DENVER - Xcel Energy today announced the results of a six-month study related to plug-in hybrid electric vehicles (PHEVs) and how an increase in their popularity may affect Colorado. The study found that PHEVs may result in a reduction of the overall expense of owning a vehicle and, with the help of smart-grid technologies, eliminate harmful vehicle emissions by up to 50 percent.
The study looked at how adding PHEVs to the road could affect the electric power grid depending on when and where the cars were charging. It also looked at the overall emission footprint of these vehicles, the decreased vehicle fuel costs and how PHEVs could impact the company's production and capacity costs.
Xcel Energy's Utility Innovations group worked with the U.S. Department of Energy's National Renewable Energy Laboratory (NREL) on the study. A cutting-edge computer-modeling program was used to measure the impact of a mass penetration of PHEVs and how much energy would be required to charge them.
NREL's program was able to simulate adding vehicles to the roads in large increments, under real driving conditions, simulating an increase in the market penetration of these vehicles. The study revealed that these cars, each equipped with a 9 kilowatt-hour battery, could reduce overall CO2 vehicles emissions by half. They could also save owners more than $450 in fuel costs each year compared to a traditional combustion engine vehicle.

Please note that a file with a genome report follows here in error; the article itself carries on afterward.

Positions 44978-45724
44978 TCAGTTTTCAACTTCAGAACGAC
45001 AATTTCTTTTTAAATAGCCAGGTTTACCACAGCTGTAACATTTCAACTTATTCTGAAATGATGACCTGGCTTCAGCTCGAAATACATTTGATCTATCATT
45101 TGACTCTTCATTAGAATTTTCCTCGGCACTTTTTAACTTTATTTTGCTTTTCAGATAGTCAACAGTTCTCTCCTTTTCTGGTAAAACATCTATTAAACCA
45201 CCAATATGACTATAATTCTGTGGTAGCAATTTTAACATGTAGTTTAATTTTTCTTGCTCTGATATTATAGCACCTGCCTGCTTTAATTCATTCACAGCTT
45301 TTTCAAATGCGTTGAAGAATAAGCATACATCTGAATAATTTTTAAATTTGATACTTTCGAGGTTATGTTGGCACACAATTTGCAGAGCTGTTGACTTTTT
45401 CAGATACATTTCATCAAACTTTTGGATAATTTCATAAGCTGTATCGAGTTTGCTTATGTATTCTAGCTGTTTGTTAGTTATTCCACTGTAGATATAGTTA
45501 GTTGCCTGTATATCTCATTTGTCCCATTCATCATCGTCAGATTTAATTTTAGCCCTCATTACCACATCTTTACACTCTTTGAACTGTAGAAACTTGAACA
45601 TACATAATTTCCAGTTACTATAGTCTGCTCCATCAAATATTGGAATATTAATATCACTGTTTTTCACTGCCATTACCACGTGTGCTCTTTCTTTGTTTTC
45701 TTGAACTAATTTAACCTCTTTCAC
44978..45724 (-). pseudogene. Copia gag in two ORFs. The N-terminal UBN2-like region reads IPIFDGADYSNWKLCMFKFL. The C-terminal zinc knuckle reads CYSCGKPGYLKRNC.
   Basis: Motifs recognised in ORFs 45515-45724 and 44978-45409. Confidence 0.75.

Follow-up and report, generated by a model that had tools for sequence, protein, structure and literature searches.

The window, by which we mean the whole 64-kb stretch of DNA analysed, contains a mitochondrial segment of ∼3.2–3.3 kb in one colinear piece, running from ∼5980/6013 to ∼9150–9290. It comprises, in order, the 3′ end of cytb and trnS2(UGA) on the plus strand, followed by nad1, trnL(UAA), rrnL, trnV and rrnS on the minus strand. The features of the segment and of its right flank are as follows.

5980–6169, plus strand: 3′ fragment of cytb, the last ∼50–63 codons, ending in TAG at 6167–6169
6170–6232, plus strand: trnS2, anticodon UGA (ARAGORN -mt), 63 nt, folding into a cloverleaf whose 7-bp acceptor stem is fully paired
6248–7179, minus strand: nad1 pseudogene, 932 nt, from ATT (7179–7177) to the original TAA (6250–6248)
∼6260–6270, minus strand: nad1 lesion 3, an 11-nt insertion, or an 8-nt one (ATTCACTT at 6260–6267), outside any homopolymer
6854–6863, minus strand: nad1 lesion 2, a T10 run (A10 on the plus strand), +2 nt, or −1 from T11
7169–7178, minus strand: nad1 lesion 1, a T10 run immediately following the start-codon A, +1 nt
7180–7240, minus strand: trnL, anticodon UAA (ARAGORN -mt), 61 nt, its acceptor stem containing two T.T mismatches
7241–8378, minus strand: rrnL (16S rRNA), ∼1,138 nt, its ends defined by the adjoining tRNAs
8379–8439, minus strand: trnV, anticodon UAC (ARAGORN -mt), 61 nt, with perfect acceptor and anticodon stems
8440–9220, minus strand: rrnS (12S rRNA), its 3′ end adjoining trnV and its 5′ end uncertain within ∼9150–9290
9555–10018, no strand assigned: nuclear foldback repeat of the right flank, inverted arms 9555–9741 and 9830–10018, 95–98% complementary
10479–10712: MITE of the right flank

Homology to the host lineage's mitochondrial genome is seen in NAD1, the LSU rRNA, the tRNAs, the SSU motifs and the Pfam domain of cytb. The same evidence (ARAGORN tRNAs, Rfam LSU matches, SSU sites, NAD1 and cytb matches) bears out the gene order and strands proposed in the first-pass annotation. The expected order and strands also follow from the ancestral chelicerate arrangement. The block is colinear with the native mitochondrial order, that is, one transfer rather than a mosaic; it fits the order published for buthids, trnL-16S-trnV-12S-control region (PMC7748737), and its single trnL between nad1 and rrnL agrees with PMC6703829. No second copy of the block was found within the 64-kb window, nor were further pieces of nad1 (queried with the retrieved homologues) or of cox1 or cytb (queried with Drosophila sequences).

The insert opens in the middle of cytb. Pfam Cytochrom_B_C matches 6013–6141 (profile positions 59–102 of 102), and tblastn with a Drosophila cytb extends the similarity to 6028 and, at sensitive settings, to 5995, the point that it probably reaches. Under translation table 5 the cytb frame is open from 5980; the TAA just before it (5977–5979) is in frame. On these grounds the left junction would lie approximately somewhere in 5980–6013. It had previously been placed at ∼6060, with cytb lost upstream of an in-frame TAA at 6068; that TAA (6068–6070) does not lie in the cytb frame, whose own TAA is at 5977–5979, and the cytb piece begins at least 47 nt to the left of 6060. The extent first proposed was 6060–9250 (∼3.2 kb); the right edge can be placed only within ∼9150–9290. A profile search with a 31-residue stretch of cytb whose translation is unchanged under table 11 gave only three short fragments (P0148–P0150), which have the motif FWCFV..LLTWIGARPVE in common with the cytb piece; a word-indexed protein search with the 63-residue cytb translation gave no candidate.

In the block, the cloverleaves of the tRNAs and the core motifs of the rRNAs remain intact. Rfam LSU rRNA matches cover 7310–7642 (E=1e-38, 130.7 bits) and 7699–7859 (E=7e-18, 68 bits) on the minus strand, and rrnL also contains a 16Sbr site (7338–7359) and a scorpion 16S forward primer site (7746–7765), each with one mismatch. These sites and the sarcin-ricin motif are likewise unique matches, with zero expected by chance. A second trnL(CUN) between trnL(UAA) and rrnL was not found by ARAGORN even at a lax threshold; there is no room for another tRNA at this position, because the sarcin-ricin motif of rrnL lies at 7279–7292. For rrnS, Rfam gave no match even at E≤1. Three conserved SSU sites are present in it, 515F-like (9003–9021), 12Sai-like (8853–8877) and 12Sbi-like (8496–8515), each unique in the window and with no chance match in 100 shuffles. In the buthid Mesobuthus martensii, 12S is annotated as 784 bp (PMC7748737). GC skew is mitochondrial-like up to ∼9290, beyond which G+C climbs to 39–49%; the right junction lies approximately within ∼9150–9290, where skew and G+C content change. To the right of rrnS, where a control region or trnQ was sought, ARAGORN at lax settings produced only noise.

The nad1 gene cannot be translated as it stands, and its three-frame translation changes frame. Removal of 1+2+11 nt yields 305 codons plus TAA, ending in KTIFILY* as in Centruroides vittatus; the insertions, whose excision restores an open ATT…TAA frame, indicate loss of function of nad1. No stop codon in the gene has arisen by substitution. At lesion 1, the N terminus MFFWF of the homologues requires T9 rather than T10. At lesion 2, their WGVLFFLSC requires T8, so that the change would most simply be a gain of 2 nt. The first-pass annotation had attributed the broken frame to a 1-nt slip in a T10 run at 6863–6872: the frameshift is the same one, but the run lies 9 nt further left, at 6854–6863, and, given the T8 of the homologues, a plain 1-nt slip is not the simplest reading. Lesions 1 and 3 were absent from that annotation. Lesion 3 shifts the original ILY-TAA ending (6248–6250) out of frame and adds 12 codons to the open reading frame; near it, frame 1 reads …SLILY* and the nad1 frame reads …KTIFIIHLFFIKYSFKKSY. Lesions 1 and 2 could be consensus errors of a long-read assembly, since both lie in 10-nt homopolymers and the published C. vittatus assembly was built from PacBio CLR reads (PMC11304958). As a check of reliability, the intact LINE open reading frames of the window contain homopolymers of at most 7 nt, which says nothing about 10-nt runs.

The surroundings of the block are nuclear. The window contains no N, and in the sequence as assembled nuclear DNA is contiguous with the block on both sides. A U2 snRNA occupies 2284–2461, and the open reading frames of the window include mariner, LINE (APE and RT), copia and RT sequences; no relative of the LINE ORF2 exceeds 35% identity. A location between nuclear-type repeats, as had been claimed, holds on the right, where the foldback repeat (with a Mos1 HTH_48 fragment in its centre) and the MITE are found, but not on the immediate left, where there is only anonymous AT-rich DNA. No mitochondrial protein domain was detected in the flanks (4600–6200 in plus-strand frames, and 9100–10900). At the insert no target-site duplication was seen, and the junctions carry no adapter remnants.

"Hybrid gas/electric vehicles are already on the market and PHEVs are staged for growth, so we wanted to know how that could affect our business," said Mike Carlson, CIO, Xcel Energy. "Depending on when customers choose to recharge, adding PHEVs to the road may help reduce overall emissions of CO2 without significant increases in utility infrastructure. In other words, PHEVs could be one piece of the puzzle to solving our global climate change problem."